From the the National Law Center on Homelessness & Poverty:
“The Law Center is disappointed at the common misconceptions in NoMa BID’s open letter. We understand that people are worried about their ability to safely walk through public spaces and would also like to point out that we should be equally concerned about the safety of solutions for the underrepresented NoMa residents – those living with homelessness.
The request to place “pedestrian safe-passage zones” in NoMa can quickly become a way to exclude vulnerable NoMa residents. It is an act of dividing human beings into groups of people who are considered “illegally encamped” and those who are not, those deemed worthy of safety and those who are not. We are falling into an “us versus them” narrative, which sees the “other” as a threat that must be strategically removed.
As the only national organization dedicated solely to using the power of the law to prevent and end homelessness in America, we believe it is essential to ensure the well-being and dignity of homeless individuals instead of seeing these efforts as another “challenge.” The Law Center uses human rights standards to end criminalization and to work for a day when every person in America has a safe, secure home. Though immediate services are part of the solution, they are not a permanent “fix” to the housing crisis in NoMa or America. Insufficient income and lack of affordable housing are the top causes of homelessness, which is why the housing first approach is vital. Housing stability makes it possible for a person to get or keep a job, address health problems, or get an education.
We encourage NoMA residents to voice their concerns to their councilmembers. However, reporting individuals for sheltering themselves and asking for help is continuing the cycle of criminalization of homelessness. Instead of helping people escape life on the streets, criminalization creates a costly revolving door that circulates individuals experiencing homelessness from the street to the criminal justice system and back, wasting resources that could otherwise go to solving the problem.
The Law Center would be more than happy to work with NoMa BID and residents of NoMa to explore constructive approaches to addressing the issues that create the need for panhandling and encampments. We must also remember that people experiencing homelessness are not on the street by choice, but because of the lack of choices; criminal and civil punishment serves no effective purpose.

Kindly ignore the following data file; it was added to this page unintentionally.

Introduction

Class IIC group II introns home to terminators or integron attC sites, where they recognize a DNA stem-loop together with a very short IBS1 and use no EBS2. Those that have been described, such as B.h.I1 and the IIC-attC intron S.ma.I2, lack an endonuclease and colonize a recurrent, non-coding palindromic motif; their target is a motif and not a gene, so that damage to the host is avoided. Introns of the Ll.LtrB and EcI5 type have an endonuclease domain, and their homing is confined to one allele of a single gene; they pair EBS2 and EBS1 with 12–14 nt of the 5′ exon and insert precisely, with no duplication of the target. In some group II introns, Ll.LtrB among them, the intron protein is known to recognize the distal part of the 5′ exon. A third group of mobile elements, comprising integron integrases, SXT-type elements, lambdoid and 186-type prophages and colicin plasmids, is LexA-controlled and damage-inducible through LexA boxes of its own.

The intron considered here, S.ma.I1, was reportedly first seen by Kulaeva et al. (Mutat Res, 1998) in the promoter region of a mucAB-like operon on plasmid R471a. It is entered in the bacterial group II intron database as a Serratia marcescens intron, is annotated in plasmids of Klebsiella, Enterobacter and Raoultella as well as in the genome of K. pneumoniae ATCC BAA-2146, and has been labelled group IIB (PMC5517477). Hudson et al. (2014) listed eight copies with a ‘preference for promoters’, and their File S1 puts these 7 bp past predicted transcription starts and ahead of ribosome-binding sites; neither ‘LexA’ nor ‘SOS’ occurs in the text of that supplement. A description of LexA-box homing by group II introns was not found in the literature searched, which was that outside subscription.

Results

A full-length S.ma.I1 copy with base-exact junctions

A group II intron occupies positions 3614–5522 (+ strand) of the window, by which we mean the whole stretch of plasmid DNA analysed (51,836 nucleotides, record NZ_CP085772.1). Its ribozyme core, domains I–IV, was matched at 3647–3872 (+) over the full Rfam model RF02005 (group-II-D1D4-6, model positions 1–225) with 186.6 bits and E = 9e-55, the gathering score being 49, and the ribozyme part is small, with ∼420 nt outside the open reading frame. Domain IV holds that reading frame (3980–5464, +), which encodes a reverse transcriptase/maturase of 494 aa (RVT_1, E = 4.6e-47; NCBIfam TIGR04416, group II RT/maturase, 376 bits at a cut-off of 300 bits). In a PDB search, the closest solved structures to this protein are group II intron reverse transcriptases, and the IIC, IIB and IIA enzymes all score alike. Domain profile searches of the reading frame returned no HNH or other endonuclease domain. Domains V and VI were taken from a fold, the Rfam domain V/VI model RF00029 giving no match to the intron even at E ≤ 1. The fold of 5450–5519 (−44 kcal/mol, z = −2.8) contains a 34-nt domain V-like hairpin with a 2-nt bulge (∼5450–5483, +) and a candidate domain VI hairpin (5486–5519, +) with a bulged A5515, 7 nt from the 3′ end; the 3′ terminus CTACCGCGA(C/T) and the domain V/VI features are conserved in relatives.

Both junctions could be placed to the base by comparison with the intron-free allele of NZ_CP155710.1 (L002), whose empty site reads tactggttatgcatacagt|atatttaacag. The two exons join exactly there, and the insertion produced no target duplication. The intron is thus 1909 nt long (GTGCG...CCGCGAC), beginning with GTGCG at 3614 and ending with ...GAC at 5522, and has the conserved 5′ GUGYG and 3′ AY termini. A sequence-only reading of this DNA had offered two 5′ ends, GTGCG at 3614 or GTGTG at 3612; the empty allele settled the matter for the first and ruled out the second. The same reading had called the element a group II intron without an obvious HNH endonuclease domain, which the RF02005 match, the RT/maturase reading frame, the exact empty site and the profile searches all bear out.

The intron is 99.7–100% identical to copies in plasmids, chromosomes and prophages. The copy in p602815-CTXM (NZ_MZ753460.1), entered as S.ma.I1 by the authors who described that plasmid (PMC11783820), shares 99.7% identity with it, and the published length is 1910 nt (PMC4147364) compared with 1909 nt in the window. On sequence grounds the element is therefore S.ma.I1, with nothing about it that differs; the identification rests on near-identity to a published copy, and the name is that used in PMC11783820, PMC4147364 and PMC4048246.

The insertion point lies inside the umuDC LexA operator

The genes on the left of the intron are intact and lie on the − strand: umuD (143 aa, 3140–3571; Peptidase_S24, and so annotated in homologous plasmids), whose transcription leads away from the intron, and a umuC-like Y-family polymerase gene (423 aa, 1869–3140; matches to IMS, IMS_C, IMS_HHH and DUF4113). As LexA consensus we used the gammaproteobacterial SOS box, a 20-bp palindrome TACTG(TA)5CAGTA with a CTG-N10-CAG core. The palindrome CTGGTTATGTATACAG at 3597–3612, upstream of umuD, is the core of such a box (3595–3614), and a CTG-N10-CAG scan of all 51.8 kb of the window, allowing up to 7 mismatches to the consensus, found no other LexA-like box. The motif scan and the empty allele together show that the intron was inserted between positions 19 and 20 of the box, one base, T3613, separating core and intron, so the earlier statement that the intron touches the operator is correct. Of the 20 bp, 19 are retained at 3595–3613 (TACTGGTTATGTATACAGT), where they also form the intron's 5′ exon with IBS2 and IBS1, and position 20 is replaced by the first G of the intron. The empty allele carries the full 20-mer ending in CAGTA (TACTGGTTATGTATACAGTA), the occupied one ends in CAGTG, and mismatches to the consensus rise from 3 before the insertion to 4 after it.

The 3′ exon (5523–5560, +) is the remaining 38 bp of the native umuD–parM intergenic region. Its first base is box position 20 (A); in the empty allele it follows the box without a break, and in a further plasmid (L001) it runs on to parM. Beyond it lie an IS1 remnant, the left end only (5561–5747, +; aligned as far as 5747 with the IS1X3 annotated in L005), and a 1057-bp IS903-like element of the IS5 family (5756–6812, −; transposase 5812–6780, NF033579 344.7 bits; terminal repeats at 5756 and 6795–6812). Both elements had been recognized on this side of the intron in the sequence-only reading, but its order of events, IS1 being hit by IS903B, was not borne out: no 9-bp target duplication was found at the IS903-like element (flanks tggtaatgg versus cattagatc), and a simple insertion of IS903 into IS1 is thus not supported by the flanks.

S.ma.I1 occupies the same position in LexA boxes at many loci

The high cost of housing prevents too many people from being able to get into affordable housing, and lack of health care has turned our streets and prisons into our default housing for those with health issues. No one wants to see people forced to live on the streets–not businesses, not residents, and most of all, not those on the streets themselves. We’re all better off when we live in communities that work together to solve problems.”
photo by Victoria Pickering From Alert DC: “Please be aware a fireworks display will take place on December 2 at 8PM in the area of the District Wharf. DC Fire…
From District Made Spirits (1135 Okie Street, NE): “On Saturday, December 2nd from 1 – 6 PM, please join us at the distillery for a spirited celebration. Your favorite District…
Thanks to Paul for sending from Bangkok’s Chinatown. If you get a photo with any of your shirt/merch on your travels – please send a photo with where you went…
Photo by Erin Ed. Note: If this was you, please email [email protected] so I can put you in touch with OP. “Dear PoPville, Was at Urban Roast on Wednesday (11/29)…
You are cordially invited to the Embassy of Austria for a thrilling evening with Mozart. What a better way to spend Christmas and Hannukah! Our full orchestra and lead singers, some of whom sing at the Met, will appeal to teens as they begin their journey to the classics! We expect to be sold out soon…..
Get your tickets now!
Under the Gracious Patronage of H.E. Petra Schneebauer, Ambassador of Austria
Julien Benichou, Conductor
Kevin Short as Figaro
Manna K. Jones as Susanna
Stephen Powell as Count Almaviva
Laquita Mitchell as Contessa
Anna Kelly as Cherubino
Maggie Polglaze as Barbarina
John Gibney as Bartolo
Leah Heater as Marcellina
Christopher Jon Hartung as Antonio & Don Curzio
Narration provided by Robin Phillips
Embassy of Austria
3524 International Court NW
Washington, DC 20008
Doors Open/Cocktails 6:30 pm
Performance including Intermission 7:15 pm
Wine Reception with Heavy Hors d’oeuvres 9:15 to 10:30 pm
Box Seats $250
Orchestra Reserved $150
Seniors (over 65 years old) Unreserved $80 [sold out]
Students with ID $50
Come solve a crime that took place in Takoma Park 130 years ago!
HouseMouse Books and Vintage is excited to announce the debut of Escape the Bookshop II, our new limited-run escape room experience. Escape the Bookshop II is a unique group puzzle game that is based on a real crime that took place in Takoma Park around 130 years ago. It is designed and created by HouseMouse to be played in our atmospheric little bookshop. This is not your typical corporate escape room and makes for a memorable evening out with friends or family!
Bookings are now open for game dates in January through April 2024. The game generally takes place Wednesday through Saturday at 8 PM but special arrangements can be made upon request. It is designed to be played by a group of 3 to 6 people (ages 16+) and lasts for one hour. No prior escape room experience is needed to enjoy the game.
Egg Nogg Extravaganza
Join us for a festive celebration at Spirits & Spice D.C. ! Get ready to indulge in the most delicious and creamy egg nogg you’ve ever tasted paired with our liqueurs. This in-person event is the perfect